A former senior Mozilla engineer, Robert O’Callahan, has told users that from Windows 8.1 onwards uninstall any anti-virus other than Windows Defender as collected in ZDNet. O’Callahan had long been in the company structure and left the organization last year.
The outsider of Mozilla decided to warn users against antivirus after the security engineer of Chrome Justin Schuh did the same for introducing serious security problems in Chrome. According to O’Callahan, the only circumstance in which they can be useful is in computers that still run Windows 7.
This engineer says there is no reliable evidence that any anti-virus other than the one developed by Microsoft improves security, while different bugs discovered by Project Zero showed that commonly used security solutions generated a greater area of attack for hackers willing to exploit.
Some examples of this would be the 200 bugs in eleven Trend Micro products discovered by two researchers. Although the security company quickly solved the problems, the question of why the company had not found them during its audits was hovering in the air.
As we said, O’Callahan is categorical about his claim:
Do not buy anti-virus software, and uninstall it and if you already have it (except Microsoft dle, if you use Windows).
There are more critics of antivirus
It is not the first to question the validity of the antivirus. Even Symantec, head of Norton Antivirus, has admitted that antiviruses can not protect users. In addition, different security specialists are crushing them, in part because their processes run with elevated privileges, but also because the features of the product can undermine the security functions of web browsers.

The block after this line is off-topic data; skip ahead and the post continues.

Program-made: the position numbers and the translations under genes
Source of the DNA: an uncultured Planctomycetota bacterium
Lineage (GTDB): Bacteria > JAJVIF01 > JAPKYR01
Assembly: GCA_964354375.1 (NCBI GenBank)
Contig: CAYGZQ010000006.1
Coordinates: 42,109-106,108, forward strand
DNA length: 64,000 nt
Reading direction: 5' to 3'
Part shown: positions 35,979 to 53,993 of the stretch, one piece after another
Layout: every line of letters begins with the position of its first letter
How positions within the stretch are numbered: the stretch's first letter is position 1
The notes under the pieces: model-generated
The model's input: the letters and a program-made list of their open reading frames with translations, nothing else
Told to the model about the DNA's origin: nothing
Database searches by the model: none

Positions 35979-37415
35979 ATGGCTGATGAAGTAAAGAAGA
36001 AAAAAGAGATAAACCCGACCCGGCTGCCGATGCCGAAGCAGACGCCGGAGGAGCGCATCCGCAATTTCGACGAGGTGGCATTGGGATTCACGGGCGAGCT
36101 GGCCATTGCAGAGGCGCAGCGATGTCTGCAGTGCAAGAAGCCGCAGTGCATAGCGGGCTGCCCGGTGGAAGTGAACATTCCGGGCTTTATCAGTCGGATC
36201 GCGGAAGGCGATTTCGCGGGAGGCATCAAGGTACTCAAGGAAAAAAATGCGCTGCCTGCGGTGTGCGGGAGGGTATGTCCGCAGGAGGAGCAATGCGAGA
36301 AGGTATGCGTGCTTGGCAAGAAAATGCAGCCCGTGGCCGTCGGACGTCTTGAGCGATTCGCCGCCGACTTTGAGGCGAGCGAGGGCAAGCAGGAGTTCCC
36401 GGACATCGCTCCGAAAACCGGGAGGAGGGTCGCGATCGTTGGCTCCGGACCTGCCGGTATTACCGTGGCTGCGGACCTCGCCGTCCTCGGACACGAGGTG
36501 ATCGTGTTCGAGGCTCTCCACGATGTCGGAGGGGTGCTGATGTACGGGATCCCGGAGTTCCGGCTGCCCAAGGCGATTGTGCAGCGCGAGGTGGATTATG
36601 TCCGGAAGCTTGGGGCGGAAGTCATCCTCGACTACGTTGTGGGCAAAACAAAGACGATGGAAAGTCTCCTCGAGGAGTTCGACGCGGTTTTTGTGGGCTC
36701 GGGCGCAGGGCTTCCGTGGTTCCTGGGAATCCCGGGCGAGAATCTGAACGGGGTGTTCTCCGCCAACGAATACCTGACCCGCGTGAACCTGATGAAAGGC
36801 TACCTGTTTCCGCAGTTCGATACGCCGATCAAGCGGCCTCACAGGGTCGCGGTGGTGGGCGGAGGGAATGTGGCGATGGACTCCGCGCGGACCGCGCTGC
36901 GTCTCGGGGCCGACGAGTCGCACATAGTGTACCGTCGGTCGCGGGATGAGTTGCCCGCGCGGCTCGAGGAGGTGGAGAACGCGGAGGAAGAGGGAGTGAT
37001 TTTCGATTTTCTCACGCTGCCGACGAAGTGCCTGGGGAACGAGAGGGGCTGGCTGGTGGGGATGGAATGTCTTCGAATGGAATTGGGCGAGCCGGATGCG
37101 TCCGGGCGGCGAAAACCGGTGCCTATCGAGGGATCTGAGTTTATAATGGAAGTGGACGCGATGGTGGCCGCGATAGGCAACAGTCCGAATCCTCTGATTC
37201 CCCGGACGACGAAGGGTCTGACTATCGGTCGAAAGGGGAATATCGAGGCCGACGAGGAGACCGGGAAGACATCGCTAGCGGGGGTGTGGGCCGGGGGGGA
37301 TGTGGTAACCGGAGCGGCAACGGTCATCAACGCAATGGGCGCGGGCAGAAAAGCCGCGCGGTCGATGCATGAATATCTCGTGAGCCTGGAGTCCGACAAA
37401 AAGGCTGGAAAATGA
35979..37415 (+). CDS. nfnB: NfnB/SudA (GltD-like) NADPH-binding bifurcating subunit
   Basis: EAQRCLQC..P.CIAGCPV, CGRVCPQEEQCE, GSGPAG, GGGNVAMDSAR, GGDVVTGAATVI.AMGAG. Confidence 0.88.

We previously quoted Project Zero finding critical bugs in different antivirus products. Kaspersky took its share of sticks over the way it scanned SSL and TLS connections, and Travis Ormandy, one of the members of the project, has found more serious errors in each product manufactured by a large company. This includes McAfee, Symantec, Sophos and Comodo.
According to O’Callahan, these products can create risky situations. This is because antivirus vendors do not follow standard security practices and sometimes break browser code designed to protect users from exploits, such as when Mozilla implemented the ASLR protocol for Firefox on Windows …
Many Antivirus vendors broke them by injecting their own DLLs with ASLR disabled in our processes. On several occasions, antivirus software has blocked important security updates, making it impossible for users to receive important security patches. Large amounts of development time are spent in dealing with a problem derived from an antivirus, time that could be used to make real improvements in security.